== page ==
Today’s watch, on the other hand, was a bit of a “shock to the system” you might say. The Titan Edge is by far the lightest and thinnest watch I have ever worn.
One of the great things about being a watch reviewer is the fact that watch companies will give you the opportunity to wear their watches for a while, gather your thoughts about them, and then review them. The bad part about it is that you have to be ready to part with the watches when you are done. When I opened box for the Detroit Watch Company 1701 automatic, I knew that giving this watch back was going to be tough. This is my favorite watch which I have had the opportunity to review hands-on in my tenure here at WWR.
Tritium-equipped watches are nothing new to these pages. We have taken a look at a few different brands and varieties over the past few years, and I always have come away enamored with the light output (and colors of said light) of the watches. Today, we have got something a bit different with regards to the tubes used. For the first time here, we will be featuring a watch that has flat tritium tubes – the Nite Icon T100.
TokyoFlash Japan is no stranger to our site. They produce fun digital watches that typically have unique ways to display the time. Recently, they reached out to us offering a watch for a hands on review, and I thought it would be interesting to look at the TokyoFlash Japan Kisai On Air, a digital take on a one hand watch.
Today, we are taking a second look at the Borealis brand, with our first look of course being Matt’s earlier review. While he was looking at the model, we will be talking about the Borealis Sea Hawk, the first 1500m rated diver that I have had on my wrist.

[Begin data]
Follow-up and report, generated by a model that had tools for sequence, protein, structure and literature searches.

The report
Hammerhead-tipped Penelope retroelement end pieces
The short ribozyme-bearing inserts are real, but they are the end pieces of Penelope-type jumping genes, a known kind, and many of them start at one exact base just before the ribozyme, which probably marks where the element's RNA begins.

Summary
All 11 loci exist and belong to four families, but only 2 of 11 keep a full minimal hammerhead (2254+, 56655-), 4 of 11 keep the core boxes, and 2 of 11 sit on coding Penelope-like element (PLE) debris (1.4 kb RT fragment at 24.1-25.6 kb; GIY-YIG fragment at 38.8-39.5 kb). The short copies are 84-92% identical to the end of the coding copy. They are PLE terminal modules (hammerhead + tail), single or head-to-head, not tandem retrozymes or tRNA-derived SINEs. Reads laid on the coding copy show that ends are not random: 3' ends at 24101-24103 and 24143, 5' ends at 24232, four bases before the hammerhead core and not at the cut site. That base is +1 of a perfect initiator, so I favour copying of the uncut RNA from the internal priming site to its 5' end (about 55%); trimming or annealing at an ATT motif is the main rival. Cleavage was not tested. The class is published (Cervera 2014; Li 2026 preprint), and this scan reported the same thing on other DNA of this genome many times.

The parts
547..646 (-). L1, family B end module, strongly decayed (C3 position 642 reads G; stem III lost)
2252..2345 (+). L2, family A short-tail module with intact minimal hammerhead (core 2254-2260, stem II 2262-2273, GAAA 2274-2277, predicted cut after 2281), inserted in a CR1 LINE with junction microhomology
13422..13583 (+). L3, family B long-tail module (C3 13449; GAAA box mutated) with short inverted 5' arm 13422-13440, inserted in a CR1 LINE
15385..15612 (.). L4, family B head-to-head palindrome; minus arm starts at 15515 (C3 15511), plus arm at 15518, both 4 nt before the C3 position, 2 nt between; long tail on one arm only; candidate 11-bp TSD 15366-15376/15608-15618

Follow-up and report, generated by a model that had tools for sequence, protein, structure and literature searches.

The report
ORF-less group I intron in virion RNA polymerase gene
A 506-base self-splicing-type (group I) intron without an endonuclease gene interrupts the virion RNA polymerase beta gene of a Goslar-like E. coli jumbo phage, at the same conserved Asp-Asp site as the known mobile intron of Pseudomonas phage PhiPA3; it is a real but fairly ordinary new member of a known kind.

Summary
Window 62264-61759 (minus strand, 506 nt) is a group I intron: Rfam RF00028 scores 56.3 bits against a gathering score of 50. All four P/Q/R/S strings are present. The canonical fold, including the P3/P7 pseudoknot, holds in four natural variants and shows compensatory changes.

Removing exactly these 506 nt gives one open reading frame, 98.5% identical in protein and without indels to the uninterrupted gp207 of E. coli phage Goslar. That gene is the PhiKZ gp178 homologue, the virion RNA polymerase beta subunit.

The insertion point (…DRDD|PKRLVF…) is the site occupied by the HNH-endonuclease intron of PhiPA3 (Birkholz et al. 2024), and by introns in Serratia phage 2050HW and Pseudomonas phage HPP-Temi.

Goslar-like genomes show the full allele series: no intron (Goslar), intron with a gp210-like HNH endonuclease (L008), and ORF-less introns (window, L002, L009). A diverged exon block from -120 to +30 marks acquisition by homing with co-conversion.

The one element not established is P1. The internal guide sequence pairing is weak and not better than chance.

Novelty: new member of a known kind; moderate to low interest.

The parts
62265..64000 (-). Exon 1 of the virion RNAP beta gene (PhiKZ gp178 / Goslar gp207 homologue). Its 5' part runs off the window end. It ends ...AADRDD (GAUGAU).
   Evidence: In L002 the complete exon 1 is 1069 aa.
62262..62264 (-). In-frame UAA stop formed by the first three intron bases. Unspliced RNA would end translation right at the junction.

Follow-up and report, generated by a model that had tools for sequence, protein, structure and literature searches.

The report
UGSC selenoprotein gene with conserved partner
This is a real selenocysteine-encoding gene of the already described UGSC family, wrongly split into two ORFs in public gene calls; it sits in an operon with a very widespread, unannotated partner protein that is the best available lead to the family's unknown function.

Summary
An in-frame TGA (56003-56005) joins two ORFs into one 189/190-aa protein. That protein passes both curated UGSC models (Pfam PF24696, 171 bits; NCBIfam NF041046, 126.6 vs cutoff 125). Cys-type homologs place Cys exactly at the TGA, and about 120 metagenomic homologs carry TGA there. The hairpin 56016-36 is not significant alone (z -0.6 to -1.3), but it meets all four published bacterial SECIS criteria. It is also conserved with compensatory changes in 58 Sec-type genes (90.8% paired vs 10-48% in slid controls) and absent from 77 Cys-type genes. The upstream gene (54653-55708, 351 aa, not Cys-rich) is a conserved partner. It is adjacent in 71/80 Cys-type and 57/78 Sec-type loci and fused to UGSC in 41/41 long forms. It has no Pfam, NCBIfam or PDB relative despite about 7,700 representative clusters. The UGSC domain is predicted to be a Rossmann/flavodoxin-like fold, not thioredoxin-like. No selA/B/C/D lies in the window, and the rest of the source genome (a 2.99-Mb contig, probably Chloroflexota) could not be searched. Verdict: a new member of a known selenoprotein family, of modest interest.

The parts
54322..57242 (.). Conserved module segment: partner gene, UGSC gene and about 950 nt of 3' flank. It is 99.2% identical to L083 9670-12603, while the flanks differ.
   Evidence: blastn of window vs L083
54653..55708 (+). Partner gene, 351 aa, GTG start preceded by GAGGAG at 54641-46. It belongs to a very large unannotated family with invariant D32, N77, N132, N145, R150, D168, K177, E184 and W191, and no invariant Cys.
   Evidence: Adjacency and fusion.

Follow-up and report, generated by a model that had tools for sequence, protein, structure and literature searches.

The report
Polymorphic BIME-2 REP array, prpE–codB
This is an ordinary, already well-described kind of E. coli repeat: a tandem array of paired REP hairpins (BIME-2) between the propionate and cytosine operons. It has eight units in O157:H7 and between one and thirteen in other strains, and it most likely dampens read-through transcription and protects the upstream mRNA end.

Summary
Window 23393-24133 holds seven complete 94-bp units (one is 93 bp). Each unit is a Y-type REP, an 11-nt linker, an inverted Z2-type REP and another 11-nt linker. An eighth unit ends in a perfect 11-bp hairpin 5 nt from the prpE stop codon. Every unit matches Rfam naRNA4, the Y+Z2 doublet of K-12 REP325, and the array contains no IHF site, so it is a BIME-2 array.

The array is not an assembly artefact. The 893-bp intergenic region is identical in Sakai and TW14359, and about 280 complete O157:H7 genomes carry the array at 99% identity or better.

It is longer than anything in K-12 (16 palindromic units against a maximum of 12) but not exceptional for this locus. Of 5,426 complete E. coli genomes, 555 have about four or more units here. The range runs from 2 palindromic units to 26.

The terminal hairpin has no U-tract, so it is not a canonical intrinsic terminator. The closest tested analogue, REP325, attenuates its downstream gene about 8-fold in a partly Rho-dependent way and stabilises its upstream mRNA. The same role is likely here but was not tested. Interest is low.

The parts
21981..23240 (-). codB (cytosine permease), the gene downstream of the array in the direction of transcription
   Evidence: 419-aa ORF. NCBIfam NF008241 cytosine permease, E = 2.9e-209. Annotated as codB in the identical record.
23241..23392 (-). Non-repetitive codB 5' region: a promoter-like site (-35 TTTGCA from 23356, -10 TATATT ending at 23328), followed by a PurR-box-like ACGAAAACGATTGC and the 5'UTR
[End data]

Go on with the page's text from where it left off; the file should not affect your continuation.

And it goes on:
Bremont is one of those small, high end watch companies in Britain that is not very well known in the US. We have covered the brand a few times, and I highlighted the MBI/MBII a while back. New for November is the polished stainless steel version of their Classic Line, the Bremont ALT1-C /PW, joining the line that already sports a variety of colored dial versions and a rose gold case version.
There are a variety of finishes and styles available for dials these days, and you can pretty easily find something that is to your liking. If you want something that is unique to the piece, but do not actually want to go the route of a custom watch, natural materials are your friend. This often takes the form of colorful stones (think marble) or even semi-precious stones. For something a bit more “out of this world”, you might opt for something like the Thomas Earnshaw Meteorite.
There are a couple of companies producing dive watches with cushion cases, and I have seen quite a few bronze divers of late, but there are not a lot of bronze divers with a cushion case. Well the Benarus Bronze Moray 42 is here to help fill that niche. Offered in two dial colors with two design options each, this limited production watch is a statement on your wrist.